What next for Irish football?


It was back to the reality of the League of Ireland last night for St. Patrick’s Athletic as they aimed to put the disappointment of crashing out of the Europa League on Thursday night to Steaua Bucharest behind them, by defeating Drogheda United.

While Bucharest progress to the lucrative group stages of the Europa League, the Saints are faced with a relegation battle. Only Pat’s, Bohemians and Cork City have been ever present since the Premier Division was set up in 1985, and with 14 defeats this season they now must find their winning ways at home, that carried them so far in Europe.

Stuart Byrne eased those fears by scoring the only goal of last night’s game, as Pat’s recorded their first win in 6 games. A vital 3 points in the bag for Jeff Kenna’s side moves them 6 points clear of the relegation places, and up to 6th in the league.

Having performed so well in the qualification rounds of the Europe League which saw them pocket €90,000 per round, and a €140,000 windfall from the visit of Bucharest to the RDS, the clubs financial future is certainly secure, which can’t be said for many other Irish clubs at the moment.

The Saint’s have done a great job of raising the profile of Irish football in Europe, and bowed out with their heads held high. They won’t however be back next season, not unless they win the FAI Cup, a competition they have failed to win since 1961.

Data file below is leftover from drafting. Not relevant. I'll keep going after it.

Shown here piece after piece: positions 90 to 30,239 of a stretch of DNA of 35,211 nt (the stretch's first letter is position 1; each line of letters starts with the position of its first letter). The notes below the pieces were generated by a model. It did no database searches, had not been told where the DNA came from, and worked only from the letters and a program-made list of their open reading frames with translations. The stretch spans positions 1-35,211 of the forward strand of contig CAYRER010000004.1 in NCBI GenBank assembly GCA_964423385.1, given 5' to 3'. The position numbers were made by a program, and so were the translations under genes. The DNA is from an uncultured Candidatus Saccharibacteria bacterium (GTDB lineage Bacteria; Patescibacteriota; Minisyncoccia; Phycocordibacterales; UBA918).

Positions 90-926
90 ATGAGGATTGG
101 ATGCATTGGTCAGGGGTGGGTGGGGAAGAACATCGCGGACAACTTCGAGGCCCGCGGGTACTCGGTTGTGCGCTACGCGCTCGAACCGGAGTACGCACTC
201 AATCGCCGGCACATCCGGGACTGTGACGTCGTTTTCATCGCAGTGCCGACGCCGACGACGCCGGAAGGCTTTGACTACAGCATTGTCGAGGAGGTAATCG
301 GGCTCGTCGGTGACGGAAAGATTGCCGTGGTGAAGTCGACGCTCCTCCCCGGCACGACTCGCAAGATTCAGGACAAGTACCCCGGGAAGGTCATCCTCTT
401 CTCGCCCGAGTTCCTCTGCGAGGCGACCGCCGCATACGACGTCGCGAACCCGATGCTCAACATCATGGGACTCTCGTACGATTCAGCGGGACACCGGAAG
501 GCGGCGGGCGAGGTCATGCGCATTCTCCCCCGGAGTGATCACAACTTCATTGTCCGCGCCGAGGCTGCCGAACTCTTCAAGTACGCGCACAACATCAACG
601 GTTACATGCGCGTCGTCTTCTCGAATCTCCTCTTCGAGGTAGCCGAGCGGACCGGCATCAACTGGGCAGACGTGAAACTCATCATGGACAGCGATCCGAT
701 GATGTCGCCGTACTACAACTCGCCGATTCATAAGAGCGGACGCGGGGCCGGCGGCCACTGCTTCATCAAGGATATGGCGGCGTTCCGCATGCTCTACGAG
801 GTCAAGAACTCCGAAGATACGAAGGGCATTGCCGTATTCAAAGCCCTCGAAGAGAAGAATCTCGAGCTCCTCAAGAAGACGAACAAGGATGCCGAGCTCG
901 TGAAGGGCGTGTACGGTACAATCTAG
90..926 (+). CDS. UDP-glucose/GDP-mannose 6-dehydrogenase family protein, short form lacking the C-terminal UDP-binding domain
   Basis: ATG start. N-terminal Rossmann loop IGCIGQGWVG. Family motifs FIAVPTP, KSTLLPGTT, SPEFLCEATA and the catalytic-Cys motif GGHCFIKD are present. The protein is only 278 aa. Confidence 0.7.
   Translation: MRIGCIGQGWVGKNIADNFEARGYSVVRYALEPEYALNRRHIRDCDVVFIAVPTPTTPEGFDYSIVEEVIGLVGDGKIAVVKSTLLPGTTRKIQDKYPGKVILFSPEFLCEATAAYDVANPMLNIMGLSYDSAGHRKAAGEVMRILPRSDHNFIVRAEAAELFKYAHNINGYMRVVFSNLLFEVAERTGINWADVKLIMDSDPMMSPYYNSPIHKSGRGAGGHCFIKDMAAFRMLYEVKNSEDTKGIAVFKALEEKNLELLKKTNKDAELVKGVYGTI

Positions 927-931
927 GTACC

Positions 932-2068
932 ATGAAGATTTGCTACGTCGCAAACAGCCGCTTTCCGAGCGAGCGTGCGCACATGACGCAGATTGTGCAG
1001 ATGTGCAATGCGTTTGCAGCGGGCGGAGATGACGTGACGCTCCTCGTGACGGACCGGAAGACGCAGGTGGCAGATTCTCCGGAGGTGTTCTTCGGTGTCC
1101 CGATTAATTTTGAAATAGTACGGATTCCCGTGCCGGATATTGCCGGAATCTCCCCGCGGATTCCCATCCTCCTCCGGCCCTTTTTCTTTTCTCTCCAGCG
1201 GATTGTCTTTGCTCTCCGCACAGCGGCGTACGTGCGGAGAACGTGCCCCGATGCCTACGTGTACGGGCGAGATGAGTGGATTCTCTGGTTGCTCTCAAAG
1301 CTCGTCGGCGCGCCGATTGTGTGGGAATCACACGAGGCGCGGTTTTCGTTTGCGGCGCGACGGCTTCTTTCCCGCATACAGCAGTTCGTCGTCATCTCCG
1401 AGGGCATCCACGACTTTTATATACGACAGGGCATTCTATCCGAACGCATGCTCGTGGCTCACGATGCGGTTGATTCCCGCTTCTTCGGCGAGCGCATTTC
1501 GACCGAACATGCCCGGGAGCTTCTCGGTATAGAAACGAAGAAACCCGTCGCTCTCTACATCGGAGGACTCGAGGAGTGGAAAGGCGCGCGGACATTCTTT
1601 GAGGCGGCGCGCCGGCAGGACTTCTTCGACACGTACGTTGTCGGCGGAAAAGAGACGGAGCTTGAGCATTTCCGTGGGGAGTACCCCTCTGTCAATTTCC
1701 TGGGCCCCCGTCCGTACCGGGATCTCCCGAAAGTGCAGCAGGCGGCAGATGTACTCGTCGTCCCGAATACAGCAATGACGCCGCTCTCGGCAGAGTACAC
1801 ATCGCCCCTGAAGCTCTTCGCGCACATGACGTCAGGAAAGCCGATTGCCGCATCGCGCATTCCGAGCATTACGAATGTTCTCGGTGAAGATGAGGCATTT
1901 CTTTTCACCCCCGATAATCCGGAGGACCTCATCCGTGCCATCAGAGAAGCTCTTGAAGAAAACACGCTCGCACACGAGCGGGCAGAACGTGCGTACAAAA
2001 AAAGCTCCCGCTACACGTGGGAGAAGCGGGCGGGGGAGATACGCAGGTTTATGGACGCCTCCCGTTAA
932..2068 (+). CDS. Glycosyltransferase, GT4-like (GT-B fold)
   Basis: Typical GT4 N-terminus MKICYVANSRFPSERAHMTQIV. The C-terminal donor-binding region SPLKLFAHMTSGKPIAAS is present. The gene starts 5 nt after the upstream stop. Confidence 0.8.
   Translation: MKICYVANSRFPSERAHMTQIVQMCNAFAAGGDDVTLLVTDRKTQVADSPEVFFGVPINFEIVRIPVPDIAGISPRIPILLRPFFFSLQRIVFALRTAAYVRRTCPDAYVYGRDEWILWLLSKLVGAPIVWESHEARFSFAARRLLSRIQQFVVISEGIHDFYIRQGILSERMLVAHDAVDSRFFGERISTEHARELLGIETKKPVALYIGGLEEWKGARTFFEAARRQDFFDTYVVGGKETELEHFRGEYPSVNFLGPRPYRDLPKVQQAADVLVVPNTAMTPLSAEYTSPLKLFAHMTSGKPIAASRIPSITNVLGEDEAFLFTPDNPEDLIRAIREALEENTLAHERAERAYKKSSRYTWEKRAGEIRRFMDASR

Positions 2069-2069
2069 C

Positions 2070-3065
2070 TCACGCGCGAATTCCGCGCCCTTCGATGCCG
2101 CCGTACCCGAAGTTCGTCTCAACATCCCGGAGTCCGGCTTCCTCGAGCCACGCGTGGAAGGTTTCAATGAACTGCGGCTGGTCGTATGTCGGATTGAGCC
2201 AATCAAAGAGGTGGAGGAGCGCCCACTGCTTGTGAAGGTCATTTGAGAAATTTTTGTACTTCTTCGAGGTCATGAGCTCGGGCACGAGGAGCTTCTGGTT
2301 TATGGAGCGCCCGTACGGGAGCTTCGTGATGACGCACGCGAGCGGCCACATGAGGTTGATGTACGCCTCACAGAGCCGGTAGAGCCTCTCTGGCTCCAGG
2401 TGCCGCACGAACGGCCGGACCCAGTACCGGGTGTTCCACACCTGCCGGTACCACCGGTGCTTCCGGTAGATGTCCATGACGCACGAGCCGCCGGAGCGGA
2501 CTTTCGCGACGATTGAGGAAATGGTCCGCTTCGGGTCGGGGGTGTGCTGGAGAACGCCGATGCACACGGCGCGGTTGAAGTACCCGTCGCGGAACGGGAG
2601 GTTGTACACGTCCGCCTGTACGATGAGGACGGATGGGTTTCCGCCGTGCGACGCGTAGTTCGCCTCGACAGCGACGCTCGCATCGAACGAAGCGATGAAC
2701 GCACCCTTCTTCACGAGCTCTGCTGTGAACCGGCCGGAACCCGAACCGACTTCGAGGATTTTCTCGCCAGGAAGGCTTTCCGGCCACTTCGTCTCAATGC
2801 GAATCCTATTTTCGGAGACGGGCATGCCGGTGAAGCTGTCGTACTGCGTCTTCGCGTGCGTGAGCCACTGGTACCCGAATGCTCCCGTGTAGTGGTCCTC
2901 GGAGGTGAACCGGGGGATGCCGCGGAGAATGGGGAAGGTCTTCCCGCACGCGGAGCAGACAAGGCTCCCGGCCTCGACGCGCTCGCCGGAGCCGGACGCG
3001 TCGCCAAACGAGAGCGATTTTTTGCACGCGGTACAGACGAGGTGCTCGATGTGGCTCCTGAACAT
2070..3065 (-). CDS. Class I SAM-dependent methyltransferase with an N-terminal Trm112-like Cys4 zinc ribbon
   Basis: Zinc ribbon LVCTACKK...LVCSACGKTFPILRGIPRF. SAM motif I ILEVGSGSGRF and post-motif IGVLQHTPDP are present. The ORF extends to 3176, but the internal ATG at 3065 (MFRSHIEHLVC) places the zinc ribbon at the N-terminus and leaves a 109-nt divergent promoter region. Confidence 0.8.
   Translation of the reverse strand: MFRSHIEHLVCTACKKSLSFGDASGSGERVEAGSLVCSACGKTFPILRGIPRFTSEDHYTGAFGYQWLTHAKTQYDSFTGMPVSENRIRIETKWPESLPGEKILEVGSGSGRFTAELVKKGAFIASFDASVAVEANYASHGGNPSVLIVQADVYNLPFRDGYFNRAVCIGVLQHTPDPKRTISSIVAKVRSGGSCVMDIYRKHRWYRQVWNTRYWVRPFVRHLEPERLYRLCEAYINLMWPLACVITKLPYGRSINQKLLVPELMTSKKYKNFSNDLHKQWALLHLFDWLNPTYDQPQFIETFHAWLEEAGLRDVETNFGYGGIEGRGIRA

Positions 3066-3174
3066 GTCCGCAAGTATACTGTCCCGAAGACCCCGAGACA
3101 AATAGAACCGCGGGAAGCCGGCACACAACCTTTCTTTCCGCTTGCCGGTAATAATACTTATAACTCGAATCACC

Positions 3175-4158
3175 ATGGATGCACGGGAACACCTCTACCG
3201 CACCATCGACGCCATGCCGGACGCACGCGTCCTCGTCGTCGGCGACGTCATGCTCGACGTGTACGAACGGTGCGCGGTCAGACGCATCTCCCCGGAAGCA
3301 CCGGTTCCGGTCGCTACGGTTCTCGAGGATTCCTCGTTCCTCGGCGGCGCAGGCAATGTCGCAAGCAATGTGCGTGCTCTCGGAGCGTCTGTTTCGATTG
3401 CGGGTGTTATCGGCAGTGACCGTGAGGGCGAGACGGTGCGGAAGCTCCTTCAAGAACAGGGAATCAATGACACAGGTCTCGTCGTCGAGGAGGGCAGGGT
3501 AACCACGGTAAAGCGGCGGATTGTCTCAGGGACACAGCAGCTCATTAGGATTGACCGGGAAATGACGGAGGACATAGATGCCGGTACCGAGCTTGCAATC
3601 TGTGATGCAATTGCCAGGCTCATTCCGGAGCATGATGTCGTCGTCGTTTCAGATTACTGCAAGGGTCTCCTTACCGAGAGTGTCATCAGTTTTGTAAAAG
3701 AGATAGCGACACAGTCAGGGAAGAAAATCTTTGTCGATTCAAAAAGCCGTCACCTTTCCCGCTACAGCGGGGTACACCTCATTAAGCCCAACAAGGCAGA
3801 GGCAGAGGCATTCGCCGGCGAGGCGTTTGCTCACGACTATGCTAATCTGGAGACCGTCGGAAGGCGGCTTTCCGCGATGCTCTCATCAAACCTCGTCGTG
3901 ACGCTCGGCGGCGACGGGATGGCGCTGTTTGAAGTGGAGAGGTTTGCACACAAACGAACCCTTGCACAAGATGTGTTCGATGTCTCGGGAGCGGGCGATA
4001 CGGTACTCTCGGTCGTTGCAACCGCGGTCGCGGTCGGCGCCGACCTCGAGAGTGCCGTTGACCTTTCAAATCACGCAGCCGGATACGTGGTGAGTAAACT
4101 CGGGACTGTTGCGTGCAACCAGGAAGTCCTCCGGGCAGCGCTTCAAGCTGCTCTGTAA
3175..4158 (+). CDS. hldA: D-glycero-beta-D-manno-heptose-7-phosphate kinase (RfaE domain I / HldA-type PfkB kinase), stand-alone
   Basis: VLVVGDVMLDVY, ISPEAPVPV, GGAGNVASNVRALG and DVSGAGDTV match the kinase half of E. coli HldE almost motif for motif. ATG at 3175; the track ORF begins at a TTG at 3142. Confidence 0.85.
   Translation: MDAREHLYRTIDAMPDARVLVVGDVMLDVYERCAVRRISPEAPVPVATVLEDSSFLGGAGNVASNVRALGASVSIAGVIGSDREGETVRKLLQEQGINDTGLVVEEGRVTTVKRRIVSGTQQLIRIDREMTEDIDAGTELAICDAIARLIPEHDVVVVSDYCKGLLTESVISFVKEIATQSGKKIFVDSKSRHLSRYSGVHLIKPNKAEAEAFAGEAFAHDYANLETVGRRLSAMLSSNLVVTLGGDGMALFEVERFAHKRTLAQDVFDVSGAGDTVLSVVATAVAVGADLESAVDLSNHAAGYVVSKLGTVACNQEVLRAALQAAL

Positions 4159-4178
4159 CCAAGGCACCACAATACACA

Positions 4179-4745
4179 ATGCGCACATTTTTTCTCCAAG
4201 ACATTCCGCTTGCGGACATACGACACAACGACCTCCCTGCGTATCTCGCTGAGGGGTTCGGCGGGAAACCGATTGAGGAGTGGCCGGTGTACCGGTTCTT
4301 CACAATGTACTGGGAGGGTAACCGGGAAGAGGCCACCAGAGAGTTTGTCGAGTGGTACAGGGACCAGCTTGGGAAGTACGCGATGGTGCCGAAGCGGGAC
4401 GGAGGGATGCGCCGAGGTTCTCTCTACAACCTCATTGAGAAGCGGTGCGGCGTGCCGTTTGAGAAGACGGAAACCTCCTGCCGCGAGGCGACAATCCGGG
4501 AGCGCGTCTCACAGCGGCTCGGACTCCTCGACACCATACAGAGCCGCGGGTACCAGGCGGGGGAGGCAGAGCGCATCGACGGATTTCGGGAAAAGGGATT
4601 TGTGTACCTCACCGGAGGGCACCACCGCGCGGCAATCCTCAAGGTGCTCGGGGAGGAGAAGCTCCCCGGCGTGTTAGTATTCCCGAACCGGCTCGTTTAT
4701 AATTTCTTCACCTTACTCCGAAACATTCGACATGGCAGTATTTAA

Another side that flew the flag for Irish football in Europe was Derry City. But, just weeks after competing in the Europa League qualifying stages, the Candystripes have become the latest League of Ireland club to run into financial difficulty.

The players were last Friday paid just 25% of their monthly wages, meaning they pocketed just one week’s wages instead of their usual four week’s wages.

Derry has lost two of their main sponsors, with a resulting loss of revenue, leaving the club in disarray. The Candystripes are now trying to raise £50,000 by asking 50 local companies, businesses and individuals to donate £1,000 each in a bid to boost finances.

Derry currently lie 3rd in the LOI Premier Division, 11 points behind league leaders Bohemians, and 7 points behind 2nd placed Shamrock Rovers. They will need to keep up the pace if they are to get out of this financial mess, and the only way to do this will be qualifying for Europe next season.

It is clear that European football benifits the likes of Irish clubs, as we play second fiddle to the centre stage of football across the water. Eventually there will be an Irish club in the group stages of the Champions League or Europe League, and after St. Pat’s, Derry City and Bohemians performances this season it looks like it could be coming sooner, rather than later.

Ian writes for Touchline Views which is part of the twofootedtackle Blog Network, and will be writing a weekly column on Irish football.

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